Phytopharm has two operating divisions; a plant extract division and a pharmaceutical division. In June of 1997, Phytopharm announced that “a naturally occurring appetite suppressant is to be developed into a prescription medicine by Phytopharm”. This was to be Phytopharm’s hoodia gordonii product. News of a naturally occurring appetite suppressant sent, not only supplement companies, but those who needed to lose weight searching for this “naturally occurring appetite suppressant”. At that time, everyone expected Phytopharm’s hoodia gordonii product to be a prescription drug even though it was consistently referred to by the company as a “natural anti-obesity treatment”. Their collaboration with Pfizer, another pharmaceutical company, to research hoodia and side effects that could be caused by hoodia use only supported the idea that Phytopharm’s hoodia gordonii would be a prescription drug. Now, since they have partnered with Unilever, not a pharmaceutical company, it is somewhat unclear what Phytopharm’s hoodia gordonii product will be. They do seem committed to the idea that Phytopharm’s hoodia gordonii will be superior to products that are currently on the market.

Phytopharm’s product development strategy begins with what they call “proof of principle” clinical testing. These tests are designed to determine if a product has the potential to be safe and effective. Proof of principle testing of Phytopharm’s hoodia gordonii product began in March of 2001. News about hoodia and side effects were released after this first phase was completed in December of 2001. This was a naturally occurring substance and there appeared to be no side effects associated with its use. After completing the initial clinical testing, Phytopharm’s strategy advances to the search for a partner company for “late stage development, sales and marketing”. The partner company for Phytopharm’s hoodia gordonii product is Unilever, manufacturers of food products, dietary supplements and over the counter medications. One of their more famous products is “Slim Fast”. Phytopharm is still researching and investigating the possibility or a drug to treat metabolic disorder and hoodia gordonii is the basis for this drug.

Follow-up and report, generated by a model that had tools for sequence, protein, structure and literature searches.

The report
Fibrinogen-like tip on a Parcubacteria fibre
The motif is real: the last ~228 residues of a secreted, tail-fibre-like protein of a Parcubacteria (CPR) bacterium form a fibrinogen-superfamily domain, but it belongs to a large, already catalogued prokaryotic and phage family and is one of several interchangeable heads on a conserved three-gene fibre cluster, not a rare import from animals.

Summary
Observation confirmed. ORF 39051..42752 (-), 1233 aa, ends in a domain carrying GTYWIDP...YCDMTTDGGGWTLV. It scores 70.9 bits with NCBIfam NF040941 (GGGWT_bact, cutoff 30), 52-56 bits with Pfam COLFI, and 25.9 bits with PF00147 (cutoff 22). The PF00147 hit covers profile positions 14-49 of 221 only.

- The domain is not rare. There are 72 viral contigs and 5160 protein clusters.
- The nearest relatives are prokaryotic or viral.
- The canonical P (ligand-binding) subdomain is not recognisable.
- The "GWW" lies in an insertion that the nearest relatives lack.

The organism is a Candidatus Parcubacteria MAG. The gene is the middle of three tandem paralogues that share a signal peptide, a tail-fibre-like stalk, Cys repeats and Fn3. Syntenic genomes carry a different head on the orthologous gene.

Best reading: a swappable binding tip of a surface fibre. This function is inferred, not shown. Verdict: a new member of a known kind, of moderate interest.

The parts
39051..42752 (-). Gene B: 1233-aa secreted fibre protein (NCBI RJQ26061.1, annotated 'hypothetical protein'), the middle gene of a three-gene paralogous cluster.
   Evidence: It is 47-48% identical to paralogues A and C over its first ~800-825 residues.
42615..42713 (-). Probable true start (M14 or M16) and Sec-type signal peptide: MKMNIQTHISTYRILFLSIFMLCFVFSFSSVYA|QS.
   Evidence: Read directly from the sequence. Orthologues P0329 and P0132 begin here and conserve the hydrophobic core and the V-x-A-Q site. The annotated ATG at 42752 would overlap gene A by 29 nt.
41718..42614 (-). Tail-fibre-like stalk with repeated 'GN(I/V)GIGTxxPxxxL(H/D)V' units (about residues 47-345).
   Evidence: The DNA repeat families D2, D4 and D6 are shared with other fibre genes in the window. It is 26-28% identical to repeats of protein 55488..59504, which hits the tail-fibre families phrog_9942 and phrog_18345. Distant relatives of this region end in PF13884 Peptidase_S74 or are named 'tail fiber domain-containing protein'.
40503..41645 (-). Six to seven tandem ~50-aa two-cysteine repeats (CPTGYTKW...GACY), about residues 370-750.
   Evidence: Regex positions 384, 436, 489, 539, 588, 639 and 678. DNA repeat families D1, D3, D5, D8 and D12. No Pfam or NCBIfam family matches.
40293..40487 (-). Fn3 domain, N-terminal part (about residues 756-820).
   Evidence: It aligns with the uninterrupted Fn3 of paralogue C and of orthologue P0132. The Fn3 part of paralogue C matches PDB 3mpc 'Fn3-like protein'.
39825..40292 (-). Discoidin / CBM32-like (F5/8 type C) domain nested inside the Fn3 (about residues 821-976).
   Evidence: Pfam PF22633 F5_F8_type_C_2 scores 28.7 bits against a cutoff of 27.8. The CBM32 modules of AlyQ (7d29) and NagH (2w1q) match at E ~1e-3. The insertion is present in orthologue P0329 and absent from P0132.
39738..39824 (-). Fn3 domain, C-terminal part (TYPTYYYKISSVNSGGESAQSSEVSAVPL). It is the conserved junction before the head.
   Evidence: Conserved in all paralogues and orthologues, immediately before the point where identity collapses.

Phytopharm attempts to obtain patents for naturally occurring substances. “Phytopica” is a Phytopharm product for the treatment of dermatitis in dogs and was just released in April of 2006. Phytopharm’s hoodia gordonii product is patented, but they have had more than a little trouble keeping other manufacturers of natural products from selling their own hoodia products. In May of 2006, they announced that they were aware that other companies were selling hoodia gordonii as an appetite suppressant and that they believed that this could be patent infringement. They said that they had contacted the appropriate authorities. The problem is that a naturally occurring product can not be patented. If Phytopharm’s hoodia gordonii product is unique and therefore stronger, safer and better than the hoodia products that are currently on the market, then how could there be patent infringement and why would they be concerned about companies that are selling what they imply are inferior products?